Her performative works draw attention to the intimate gestures involved in making. They are frequently stitch-based and developed and enacted collaboratively. The work in this exhibit, created and performed with Marcus Miller, draws elements from two collaborative Holocaust memorial pieces; Six Million Stitches: Austria 66,000, originally performed on the streets of Vienna, and Needle and Thread, a collaborative dance work with Suzanne Miller (dance) and Allan Paivio (sound) and various guests.


Yan Miller’s work has been exhibited in Canada, Europe and United States since the mid-eighties including Mercer Union, YYZ and Loop Gallery in Toronto, Optica, B-312 and La Centrale in Montreal, The Southern Alberta Art Gallery, Latitude 53 and Stride Gallery in Alberta and the Dunlop Art Gallery, Moose Jaw Museum and Art Gallery and the Western Development Museum in Saskatchewan and Art in General (NYC), Hallwalls (Buffalo) and Artspace (Raleigh NC) in the United States and W139 (Amsterdam), Galerie Schleifmühlgasse 12-14 (Vienna) and the Artforum Berlin in Europe. She has been the recipient of numerous grants from the Canada Council for the Arts, the Quebec Arts Council and the Saskatchewan Arts Board. Yan Miller recently moved to Montreal from Saskatoon where she regularly teaches in Fibres and Material Practices at Concordia University.


Marcus Miller

Marcus Miller has worked across Canada and internationally as a curator, teacher, critic and artist. He was Director of the Gordon Snelgrove Gallery from 2011—19, and more recently, under a gallery amalgamation as the Curator of Public Programming and Participation. He holds an MA in the Social History of Art from Leeds University and a BFA from the Nova Scotia College of Art and Design University. He has taught courses in the history, theory and practice of modern and contemporary art at Carlton University, Concordia University and the University of Saskatchewan. He publishes critical reviews and articles with a number of journals including: Canadian Art, BlackFlash, BorderCrossings, Galleries West among others. Marcus was Artistic Director at SAW Gallery (Ottawa) and Director of the Allan Sapp Gallery in North Battleford, where he curated an exhibition entitled: PORTRAITS: PAINTING, FACE-PULLING AND STORYTELLING, before accepting a position as Assistant Curator at the Art Gallery of Alberta in 2006. He was the art critic at the Montreal HOUR and Montreal Correspondent for Contemporary Magazine in London, England.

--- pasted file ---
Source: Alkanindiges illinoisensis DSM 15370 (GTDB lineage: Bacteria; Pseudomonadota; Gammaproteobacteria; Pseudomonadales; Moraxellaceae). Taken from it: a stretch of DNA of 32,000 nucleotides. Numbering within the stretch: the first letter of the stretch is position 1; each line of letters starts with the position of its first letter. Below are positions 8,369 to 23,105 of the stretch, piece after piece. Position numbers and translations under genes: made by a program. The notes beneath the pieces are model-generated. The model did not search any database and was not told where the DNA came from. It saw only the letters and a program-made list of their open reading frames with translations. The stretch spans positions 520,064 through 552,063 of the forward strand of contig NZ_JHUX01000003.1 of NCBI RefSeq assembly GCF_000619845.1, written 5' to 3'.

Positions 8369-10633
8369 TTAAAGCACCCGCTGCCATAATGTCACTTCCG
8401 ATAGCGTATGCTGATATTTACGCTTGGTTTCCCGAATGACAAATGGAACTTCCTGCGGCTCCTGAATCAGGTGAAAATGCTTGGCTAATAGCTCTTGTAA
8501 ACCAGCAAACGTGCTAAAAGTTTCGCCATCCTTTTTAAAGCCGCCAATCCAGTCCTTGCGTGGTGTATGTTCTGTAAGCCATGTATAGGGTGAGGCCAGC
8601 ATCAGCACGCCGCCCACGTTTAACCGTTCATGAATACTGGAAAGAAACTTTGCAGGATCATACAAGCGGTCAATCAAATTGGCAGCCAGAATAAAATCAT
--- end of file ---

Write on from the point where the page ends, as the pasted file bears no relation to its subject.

Marcy Friesen

Marcy Friesen is of Swampy Cree and Welsh ancestry and currently resides on a mixed farm with her family near Carrot River, SK. She comes from a long line of traditional beaders and talented creative family members. Friesen has always felt the need to create, and started her career with a small business making utilitarian objects such as mitts, jewelry and moccasins. After visiting a Contemporary Art Gallery in 2019, Friesen added her practice to experimenting with an artisanal craftsmanship that exists outside the traditional spectrum of beauty and utility. Threading through beads, leather, and furs, Friesen draws the viewer into an intimate experience using her honed skills and intuitive sensibilities toward material, color, and presentation. In Friesen’s practice, the natural and synthetic come together in ways that are inclusive of the contemporary condition, transforming ways of understanding and expectations of cultural production. Friesen uses her beads, leather and furs in new ways, opening discussions on mental health and racism.

Self-guided Tour Pamphlet

Exhibition Audio Tour

Thank you to SaskTel for sponsoring Audio Tours of our exhibitions

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Exhibition Audio Tour Transcript

Media Coverage

Moore, Sandee, "If You Prick Me, Do I Not Bleed?." Saskatchewan Weekend, hosted by Shauna Powers, aired January 27, 2024.


Rose, Melanie Monique, "Melanie Monique Rose featured in Art Gallery of Regina show." Saskatchewan Weekend, hosted by Shauna Powers, aired January 27, 2024.

"Three Show Picks for Jan. 25: We head to Toronto, Prince George and Regina." Galleries West, February 5, 2024.

Moore, Sandee, “What's Happening at the Art Gallery of Regina.” Talk of the Town, hosted by Lisa Peters, February 15-20, 2024.

Moore, Sandee, "On the Go: Art Gallery of Regina: We head #OnTheGo to the Art Gallery of Regina to check out their latest exhibition." On the Go, reported by Kayleen Sawatzky, February 22, 2024.

Trembley, Leanne, "L’art de la guérison par l’aiguille." L'EAU VIVE, March 20, 2024.

The Art Gallery of Regina gratefully acknowledges its core funders and community sponors.